Street Haunting in Spitalfields


Last Tuesday I was working in the east of London, in Aldgate. After work, I still had 2 and 1/2 hours to kill before my train so, as it was a pleasant afternoon, I decided to have a wander around Spitalfields, a short walk away.

In the 17th and 18th century the area was associated with silk weaving after Huguenots fleeing from persecution in France settled here and brought their skills with them. Later, Irish linen workers settled here. In the Victorian period, following the decline of the silk and linen industries it became something of a notorious slum. There were further waves of Jewish and then Bangladeshi immigrants bringing new cultures and energy to the area. Today, like much of the East End it’s become somewhat gentrified. The old Victorian market and surrounding streets being redeveloped.

It’s an interesting place to walk around, with some historic buildings and modern street art to look at.

For me, the star of the show is Hawksmoor’s magnificent gleaming white Christ Church



one of the six, eccentric English Baroque churches for which he is best known.

There’s an interesting war memorial in the church yard.


Close by, on Commercial Street,  the Fruit and Wool exchange building has been controversially redeveloped against local opposition, over-ruled by the former Mayor of London and current “Clown Secretary”. The white neo-Classical façade has, fortunately, been preserved.


A number of old commercial buildings nearby  have also been preserved




I quite liked this building with it’s neo-Gothic features


and these more modern flats with an Art Deco look


There’s street art dotted around the redeveloped market. Here’s a selection I spotted.

The Spitalfields Goat by Kenny Hunter



A pear and a fig by Ali Grant


Dogman and Rabbitgirl with coffee by Gillie and Marc


Wooden Boat with Seven People by Kalliopi Lemos, features an authentic boat that was used to transport refugees from Turkey to the shores of the Greek islands. The installation aims to reflect Spitalfields’ rich history of providing shelter for successive waves of migrants across the centuries.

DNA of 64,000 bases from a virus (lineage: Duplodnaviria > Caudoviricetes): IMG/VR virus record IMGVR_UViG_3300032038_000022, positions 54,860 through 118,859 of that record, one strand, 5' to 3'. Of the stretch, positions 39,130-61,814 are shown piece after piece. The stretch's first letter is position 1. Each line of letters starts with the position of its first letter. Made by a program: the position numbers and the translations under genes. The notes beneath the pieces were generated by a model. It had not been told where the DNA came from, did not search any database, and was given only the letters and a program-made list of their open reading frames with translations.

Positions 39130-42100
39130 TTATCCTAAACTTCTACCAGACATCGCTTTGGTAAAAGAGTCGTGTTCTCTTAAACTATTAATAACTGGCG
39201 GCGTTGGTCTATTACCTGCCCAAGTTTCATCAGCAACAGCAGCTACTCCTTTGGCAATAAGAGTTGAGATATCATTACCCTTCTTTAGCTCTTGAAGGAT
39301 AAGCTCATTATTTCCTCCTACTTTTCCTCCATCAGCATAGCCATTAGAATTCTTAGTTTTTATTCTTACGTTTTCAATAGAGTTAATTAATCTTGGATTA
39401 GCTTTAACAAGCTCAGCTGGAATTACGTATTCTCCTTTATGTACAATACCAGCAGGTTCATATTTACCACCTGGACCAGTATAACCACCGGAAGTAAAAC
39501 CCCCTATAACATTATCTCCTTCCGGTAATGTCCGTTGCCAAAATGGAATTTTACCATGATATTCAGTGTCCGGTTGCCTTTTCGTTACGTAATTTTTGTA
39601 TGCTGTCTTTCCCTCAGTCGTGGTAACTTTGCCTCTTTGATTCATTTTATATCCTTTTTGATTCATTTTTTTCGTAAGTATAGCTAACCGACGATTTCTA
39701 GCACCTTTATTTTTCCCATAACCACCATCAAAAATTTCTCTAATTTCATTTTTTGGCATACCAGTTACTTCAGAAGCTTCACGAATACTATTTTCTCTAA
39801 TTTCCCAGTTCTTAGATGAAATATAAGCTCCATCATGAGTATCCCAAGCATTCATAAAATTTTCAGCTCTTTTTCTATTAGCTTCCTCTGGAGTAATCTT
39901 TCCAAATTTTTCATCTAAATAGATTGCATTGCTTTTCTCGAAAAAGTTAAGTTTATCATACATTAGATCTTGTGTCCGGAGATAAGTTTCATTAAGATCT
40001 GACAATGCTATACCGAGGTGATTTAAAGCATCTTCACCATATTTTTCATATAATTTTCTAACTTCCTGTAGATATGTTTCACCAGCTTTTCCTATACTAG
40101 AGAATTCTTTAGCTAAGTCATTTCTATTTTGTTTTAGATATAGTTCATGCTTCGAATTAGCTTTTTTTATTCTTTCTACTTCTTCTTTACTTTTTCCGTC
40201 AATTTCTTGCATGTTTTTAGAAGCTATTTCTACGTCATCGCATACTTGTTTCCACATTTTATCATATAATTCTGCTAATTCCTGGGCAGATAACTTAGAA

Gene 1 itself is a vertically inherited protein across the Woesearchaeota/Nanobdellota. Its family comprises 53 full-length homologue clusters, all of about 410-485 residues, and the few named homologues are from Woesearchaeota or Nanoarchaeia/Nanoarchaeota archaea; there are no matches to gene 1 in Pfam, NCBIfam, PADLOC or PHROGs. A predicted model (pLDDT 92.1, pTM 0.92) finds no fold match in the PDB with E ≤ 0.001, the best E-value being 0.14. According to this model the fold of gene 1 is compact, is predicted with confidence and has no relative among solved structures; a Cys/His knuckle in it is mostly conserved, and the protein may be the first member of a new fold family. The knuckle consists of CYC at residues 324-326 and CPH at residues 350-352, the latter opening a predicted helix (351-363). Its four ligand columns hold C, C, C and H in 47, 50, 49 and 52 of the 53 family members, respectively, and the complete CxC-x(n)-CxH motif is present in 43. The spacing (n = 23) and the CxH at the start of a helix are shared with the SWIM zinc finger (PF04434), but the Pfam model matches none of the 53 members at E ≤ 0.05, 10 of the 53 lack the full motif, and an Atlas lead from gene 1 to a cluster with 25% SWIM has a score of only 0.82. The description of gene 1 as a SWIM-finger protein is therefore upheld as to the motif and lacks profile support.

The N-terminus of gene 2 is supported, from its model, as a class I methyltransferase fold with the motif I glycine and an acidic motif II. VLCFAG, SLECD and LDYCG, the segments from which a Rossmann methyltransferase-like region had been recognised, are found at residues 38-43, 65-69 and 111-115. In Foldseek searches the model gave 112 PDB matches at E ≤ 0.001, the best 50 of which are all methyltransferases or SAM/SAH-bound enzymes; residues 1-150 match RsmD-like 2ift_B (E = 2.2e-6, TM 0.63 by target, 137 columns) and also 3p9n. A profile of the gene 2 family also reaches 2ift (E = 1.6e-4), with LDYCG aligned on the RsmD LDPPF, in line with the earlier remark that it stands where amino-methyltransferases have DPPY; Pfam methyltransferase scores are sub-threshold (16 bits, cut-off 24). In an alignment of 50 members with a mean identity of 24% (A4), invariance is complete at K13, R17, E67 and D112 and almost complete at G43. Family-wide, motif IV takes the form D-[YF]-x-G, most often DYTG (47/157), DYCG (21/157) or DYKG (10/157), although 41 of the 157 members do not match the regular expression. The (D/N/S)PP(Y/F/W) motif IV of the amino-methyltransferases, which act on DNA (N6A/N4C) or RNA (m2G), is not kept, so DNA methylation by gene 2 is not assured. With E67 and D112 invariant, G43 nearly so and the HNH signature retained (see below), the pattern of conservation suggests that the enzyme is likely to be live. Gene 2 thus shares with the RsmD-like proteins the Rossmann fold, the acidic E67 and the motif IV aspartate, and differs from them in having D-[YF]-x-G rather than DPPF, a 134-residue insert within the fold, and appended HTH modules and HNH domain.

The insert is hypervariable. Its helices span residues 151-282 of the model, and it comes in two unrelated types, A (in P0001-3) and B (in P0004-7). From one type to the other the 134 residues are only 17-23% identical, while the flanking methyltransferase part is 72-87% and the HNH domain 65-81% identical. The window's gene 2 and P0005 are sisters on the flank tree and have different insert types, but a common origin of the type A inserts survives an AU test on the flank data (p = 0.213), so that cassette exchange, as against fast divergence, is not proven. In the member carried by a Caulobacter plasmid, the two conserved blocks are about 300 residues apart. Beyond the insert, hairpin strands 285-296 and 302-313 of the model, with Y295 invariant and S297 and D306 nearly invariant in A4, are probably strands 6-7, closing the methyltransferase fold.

I couldn’t find out who had created this “steampunk” motorbike



13 thoughts on “Street Haunting in Spitalfields

  1. I love Spitalfields and the area around. We found the old Orthodox Jewish Synagogue-Sandys Row Synagogue and were able to have a look around, but didn’t stay for the service. It’s still going strong and has services about noon every (almost every?) day and more. We found Poppy’s nearby-still selling Fish and Chips in paper cones, and we had wandered in from our hotel-near (not in!) Whitechapel via the old brewery Truman’s. Loved Brick Alley and all the street art.

    • I wasn’t aware of either of those! The Dennis Severs House looks really interesting. Will have to find to visit when I’m down in London. Thanks for the blog link too 🙂

    • There’s too much to see in London! But if you’re nearby worth a look. The market looks like it worth a gander. It was shutting up when I was there but looked like the stalls sold arty, crafty, non-mainstream fashion sort of stuff. And there are some trendy shops

      • The market certainly used to be interesting, but I haven’t been since my brother left London, which is quite a long time ago!

  2. There’s always something of interest to be found in an odd moment and you found loads in that short window. Ddid you see the footage of The Speaker laying into the Clown Secretary (I like that)? Very entertaining, it’s just a shame that you can’t see the prat in question squirming as he gets lambasted.

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